A friend mentioned that the building was built in 1832, and the inside has the appearance of a 1930's jazz club with masonary arches and a delicate hand-painted border of marine life around the ceiling.   All this is left untouched; but more recently an artist has added a huge expressive mural which covers one whole wall.  It is these layers, built up over time, which make this place so interesting.

I painted this painting last summer after our Spring trip to New Orleans.  It was recently sold at the Kako Gallery in New Orleans, and is currently displayed on the Blue Nile's website.   While it is not a portrait of Sam Williams of "Big Sam's Funky Nation," who often appears at the Blue Nile; he was the inspiration for the trombone player.

A print of this painting is available at:

To see more of my New Orleans art, visit:

Saturday, January 28, 2012

Harry's Corner - Original Oil Painting

When you take an evening stroll down New Orleans' Chartres Street, you are instantly transported back to a time of flickering gas lanterns, doors shuttered for the night, and the sound of a carriage clattering down narrow streets. You walk past mysterious darkened carriage ways with enormous iron gates. You may hear water dripping from the lush vines which hang from the balconies overhead, or the hushed whispers of lovers as they hurry past you on the slate covered sidewalk. But, this is not a dream or a Hollywood sound stage. This is the year 2012 in the French Quarter, where people live and work amidst the layers of New Orleans' history. And, Harry's Corner Bar takes its place in this historic neighborhood. It is immersed in the hazy memories of the past which seem to seep from every old brick wall, from every heavy wooden door. Harry's is a vibrant neighborhood gathering place, but it is also a part of the intricate weaving of the fabric of the French Quarter; where the past and the present merge in perfect, beautiful harmony.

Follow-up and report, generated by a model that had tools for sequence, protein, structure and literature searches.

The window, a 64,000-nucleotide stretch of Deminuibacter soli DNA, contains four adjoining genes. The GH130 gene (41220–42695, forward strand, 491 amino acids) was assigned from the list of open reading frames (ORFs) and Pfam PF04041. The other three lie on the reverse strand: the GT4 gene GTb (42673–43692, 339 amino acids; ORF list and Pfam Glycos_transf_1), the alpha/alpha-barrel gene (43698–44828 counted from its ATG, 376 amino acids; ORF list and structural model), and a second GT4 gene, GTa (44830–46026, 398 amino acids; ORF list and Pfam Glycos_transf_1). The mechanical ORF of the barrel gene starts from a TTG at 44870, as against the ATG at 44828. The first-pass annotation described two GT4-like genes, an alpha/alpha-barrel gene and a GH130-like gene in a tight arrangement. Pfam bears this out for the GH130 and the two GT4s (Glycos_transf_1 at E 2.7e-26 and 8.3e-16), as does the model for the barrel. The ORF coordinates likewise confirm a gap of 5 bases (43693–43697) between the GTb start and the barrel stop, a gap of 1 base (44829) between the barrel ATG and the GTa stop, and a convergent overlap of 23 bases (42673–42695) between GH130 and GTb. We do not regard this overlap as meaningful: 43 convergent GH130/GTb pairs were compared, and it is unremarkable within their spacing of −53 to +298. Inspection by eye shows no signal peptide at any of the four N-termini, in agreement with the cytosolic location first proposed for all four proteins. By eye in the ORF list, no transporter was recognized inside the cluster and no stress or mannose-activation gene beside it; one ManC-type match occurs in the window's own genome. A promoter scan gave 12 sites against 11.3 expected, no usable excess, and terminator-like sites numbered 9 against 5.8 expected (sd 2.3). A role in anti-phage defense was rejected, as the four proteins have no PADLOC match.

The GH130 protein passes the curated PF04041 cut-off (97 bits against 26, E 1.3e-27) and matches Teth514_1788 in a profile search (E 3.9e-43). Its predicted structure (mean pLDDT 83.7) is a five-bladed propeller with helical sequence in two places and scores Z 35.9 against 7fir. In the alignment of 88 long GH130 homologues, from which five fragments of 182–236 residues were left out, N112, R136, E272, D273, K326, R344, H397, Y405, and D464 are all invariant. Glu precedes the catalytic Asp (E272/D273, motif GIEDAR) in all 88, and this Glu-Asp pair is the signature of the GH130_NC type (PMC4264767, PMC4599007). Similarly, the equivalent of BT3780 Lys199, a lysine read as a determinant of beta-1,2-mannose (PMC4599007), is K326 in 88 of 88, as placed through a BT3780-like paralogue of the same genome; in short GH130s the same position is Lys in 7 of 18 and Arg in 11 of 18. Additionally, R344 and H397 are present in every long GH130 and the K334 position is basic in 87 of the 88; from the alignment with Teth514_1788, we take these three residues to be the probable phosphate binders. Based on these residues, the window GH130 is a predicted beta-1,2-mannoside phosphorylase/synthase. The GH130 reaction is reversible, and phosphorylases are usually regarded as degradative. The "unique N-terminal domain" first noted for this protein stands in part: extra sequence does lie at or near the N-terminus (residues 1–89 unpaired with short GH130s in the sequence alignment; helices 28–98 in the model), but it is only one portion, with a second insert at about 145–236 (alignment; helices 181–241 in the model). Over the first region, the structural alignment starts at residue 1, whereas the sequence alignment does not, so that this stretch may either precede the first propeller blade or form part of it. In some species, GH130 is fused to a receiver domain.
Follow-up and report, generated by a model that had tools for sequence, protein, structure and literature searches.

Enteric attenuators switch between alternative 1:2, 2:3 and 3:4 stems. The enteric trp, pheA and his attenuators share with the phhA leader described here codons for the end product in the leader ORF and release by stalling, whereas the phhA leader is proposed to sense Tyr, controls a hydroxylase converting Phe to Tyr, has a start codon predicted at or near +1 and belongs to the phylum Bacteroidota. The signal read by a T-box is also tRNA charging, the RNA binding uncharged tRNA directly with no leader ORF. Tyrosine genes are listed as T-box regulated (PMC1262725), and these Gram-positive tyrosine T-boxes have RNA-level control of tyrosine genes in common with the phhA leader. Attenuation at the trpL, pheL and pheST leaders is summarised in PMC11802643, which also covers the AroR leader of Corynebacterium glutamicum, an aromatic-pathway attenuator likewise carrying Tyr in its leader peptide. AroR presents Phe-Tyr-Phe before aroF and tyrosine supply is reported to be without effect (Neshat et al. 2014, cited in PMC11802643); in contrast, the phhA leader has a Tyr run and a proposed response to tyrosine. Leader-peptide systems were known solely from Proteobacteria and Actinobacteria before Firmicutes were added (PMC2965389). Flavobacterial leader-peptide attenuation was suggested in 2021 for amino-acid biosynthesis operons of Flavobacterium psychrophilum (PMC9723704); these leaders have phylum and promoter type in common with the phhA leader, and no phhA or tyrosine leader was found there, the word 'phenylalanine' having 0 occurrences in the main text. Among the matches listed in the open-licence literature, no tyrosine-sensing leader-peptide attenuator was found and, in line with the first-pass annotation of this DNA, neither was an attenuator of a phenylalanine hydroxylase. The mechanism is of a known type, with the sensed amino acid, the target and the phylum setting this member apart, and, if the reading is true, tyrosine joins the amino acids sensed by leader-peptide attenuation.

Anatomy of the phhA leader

This large, original oil was commissioned by a patron in Louisiana.
To see more of my work or to order an original,

Wednesday, January 18, 2012

Homes of New Orleans

An expression of joy, a statement of individuality, these are the homes of New Orleans, which can be found in all the old neighborhoods. 

The humble 19th Century shotgun house, long and narrow, will often soar to spectacular design heights.  Some of these frame dwellings will run the gamut with elaborate Victorian mill work, stained glass windows, or 2nd story additions.  Usually, they will all be painted in a wide range of colors.  And, in the glorious New Orleans light, a street full of color is a beautiful sight to see.    

The early 20th Century bungalow style of home is not to be out-done!  They boast massive square or round porch columns.  (Columns are not just for mansions, you know.)  And, often their foundations are raised, some raised a whole story, with elaborate steps and ground floor entrances.  Bright Caribbean colors are often the choice, and stained glass windows can also be found.